March 17-24: FTH operations team and board members meet to plan response to the emergency.

    March 27: FTH is deemed an essential business and allowed to continue operations. Operations team enlists SMA city government’s Direccion de Desarrollo Economico to assist with delivery trucks, drivers, and volunteers to assemble bags of food.

    March 30: Reconfigured warehouse; procured essential supplies and food. Began packing food bags with basics of disinfectants, hand sanitizers, and dry meal ingredients.

    In just one day, operations staff weighed and packed 500 food bags of 14 kilos each, for immediate distribution.

    March 31: Feed the Families program launched. 1,796 food bags were distributed in 19 rural communities and 9 neighborhood in San Miguel.

    Over the next ten days, 5,500 food bags were distributed.

    April 20: FTH unloads a 40-foot trailer of additional supplies for the growing need for food countywide.

    May: FTH adds more communities and recipients to food bag distribution, including NGOs and individuals championing their neighborhoods. Now distributing food to 37 communities, 14 charities to feed 20,000.

    June: Began packaging and distributing smaller food bags with eight basic products for smaller families and the elderly, who mostly live alone in the communities.

    July: City government staff who had been supporting FTH in the warehouse had to return to their regular duties. Mothers who are cooks in our school kitchens were enlisted to take over the roles the staff from the city had been performing.

    August: FTH nutritionists provide instruction and leaflets on nutrition, hygiene, proper use of masks, and hand washing techniques.

    October: Six months into the program. 55,446 food bags (590 tons), equivalent to 6,526,630 meals distributed to the needy.

    By year end: Food bags dispensed: 70,432 (687 tons) with ingredients for 7,767,390 meals. FTH nutritionists had delivered 150 workshops for 3,500 women on topics such as diabetes prevention and how to make creative use of the ingredients provided in the donated food bags.

     

  22. 2021

    May 3, 2021, Feed the Hungry dedicates its Headquarters. Tony and Shirley Adlerbert are original founders of Feed the Hungry San Miguel and have been visionary leaders since its inception.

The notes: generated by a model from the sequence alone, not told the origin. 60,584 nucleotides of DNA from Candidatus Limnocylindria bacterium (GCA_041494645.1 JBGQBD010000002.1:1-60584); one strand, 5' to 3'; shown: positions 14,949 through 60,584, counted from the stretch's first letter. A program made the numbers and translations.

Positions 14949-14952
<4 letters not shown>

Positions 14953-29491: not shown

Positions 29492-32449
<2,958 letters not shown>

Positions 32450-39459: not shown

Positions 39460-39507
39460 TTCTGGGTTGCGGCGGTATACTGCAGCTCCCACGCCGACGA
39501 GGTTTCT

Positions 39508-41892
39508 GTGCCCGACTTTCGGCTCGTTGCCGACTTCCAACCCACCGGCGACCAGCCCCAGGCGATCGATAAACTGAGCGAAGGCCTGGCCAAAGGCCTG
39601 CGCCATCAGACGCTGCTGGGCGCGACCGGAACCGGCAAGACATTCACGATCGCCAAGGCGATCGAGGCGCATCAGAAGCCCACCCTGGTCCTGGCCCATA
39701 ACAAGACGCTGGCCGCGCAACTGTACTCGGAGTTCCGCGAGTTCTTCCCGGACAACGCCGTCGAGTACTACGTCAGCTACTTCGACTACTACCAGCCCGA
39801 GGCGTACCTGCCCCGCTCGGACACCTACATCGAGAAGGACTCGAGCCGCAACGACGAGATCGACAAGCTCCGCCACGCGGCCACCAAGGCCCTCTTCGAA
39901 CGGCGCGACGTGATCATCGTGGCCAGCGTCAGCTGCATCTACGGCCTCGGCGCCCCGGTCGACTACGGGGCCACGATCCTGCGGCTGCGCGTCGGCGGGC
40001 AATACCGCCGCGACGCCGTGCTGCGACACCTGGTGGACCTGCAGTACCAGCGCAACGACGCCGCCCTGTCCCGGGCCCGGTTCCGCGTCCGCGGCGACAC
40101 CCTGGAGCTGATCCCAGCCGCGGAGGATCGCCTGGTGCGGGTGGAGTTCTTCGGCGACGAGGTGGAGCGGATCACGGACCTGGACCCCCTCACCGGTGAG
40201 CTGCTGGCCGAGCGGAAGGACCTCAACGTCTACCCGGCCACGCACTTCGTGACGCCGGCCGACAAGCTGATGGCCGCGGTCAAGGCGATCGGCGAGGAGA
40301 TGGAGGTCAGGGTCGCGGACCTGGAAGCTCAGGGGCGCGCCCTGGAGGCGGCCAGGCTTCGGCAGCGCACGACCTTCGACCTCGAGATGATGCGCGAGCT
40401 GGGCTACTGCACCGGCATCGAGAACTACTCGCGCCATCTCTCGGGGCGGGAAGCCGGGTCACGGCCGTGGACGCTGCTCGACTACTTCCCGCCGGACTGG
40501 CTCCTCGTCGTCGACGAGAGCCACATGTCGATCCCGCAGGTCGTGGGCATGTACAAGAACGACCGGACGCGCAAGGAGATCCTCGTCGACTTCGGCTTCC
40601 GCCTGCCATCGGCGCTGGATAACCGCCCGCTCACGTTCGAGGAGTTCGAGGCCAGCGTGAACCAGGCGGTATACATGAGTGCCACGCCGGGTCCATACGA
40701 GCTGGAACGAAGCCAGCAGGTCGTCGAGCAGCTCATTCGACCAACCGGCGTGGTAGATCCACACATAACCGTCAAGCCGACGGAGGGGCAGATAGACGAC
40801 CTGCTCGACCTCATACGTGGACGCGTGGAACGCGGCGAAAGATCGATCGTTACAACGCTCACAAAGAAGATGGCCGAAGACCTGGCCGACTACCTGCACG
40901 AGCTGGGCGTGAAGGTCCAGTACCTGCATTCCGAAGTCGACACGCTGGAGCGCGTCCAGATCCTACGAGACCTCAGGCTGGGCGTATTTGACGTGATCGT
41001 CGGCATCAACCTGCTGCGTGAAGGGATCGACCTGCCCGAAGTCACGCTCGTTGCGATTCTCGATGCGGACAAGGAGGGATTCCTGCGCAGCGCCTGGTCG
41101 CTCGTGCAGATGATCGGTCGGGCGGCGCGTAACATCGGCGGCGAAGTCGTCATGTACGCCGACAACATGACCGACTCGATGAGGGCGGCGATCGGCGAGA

For decades, they contributed their time and their passion for helping others, to ensure the continued success of the organization and its mission. Tony served as president and executive director from 1994 to 2000 and has since been an active member of the Advisory Board. Shirley served as treasurer, led the volunteers program, and filled many other roles in the organization, including fundraising, purchasing, and recruiting, as well as delivering food to rural communities and serving meals at FTH school kitchens. “Feed the Hungry will always share a large part of our hearts and we are so grateful to have had the opportunity to give back,” said Tony.

    After nearly 30 years living in San Miguel de Allende, Mr. and Mrs. Adlerbert are returning to the United States to be closer to family. In recognition of their leadership and dedication to the wellbeing of the children of San Miguel, Feed the Hungry has dedicated its headquarters to them. The farewell ceremony and unveiling of the building dedication sign took place on May 3. Together with the staff, cooks, board members, and directors, they joined in songs of joy and warm hugs as fond farewells were exchanged.

    – Feed the Hungry earned 100/100 rating from Charity Navigator’s Encompass Rating System. This score designates Feed the Hungry San Miguel as an official “Give with Confidence” charity, indicating that our organization is using its donations effectively based on Charity Navigator’s criteria. Charity Navigator is America’s largest and most-utilized independent charity evaluator.

    – Francis Bonilla and Jennifer Venkatraman join the Feed the Hungry Advisory Council.

    – Feed the Hungry coordinated logistics and delivery of 1.3 million free medical-grade masks donated by Motus Integrated Technologies and CAM, a Stanley Black and Decker Company of Brea, CA. Our beneficiaries, as well as other charitable organizations, hospitals, and the local Mayor’s office in San Miguel de Allende, received masks to distribute across the municipality to those who need them. We also include a set of these masks in the food bags distributed to beneficiaries in the rural communities, and to the other NGOs associated with the food bag program.

    – Feed the Hungry’s Early Childhood Nutrition program expanded to the community of La Palmilla.

    – Mario Bravo joined our Advisory Council.

    – Jennifer Venkatraman appointed to the position of Vice President of Feed the Hungry A.C.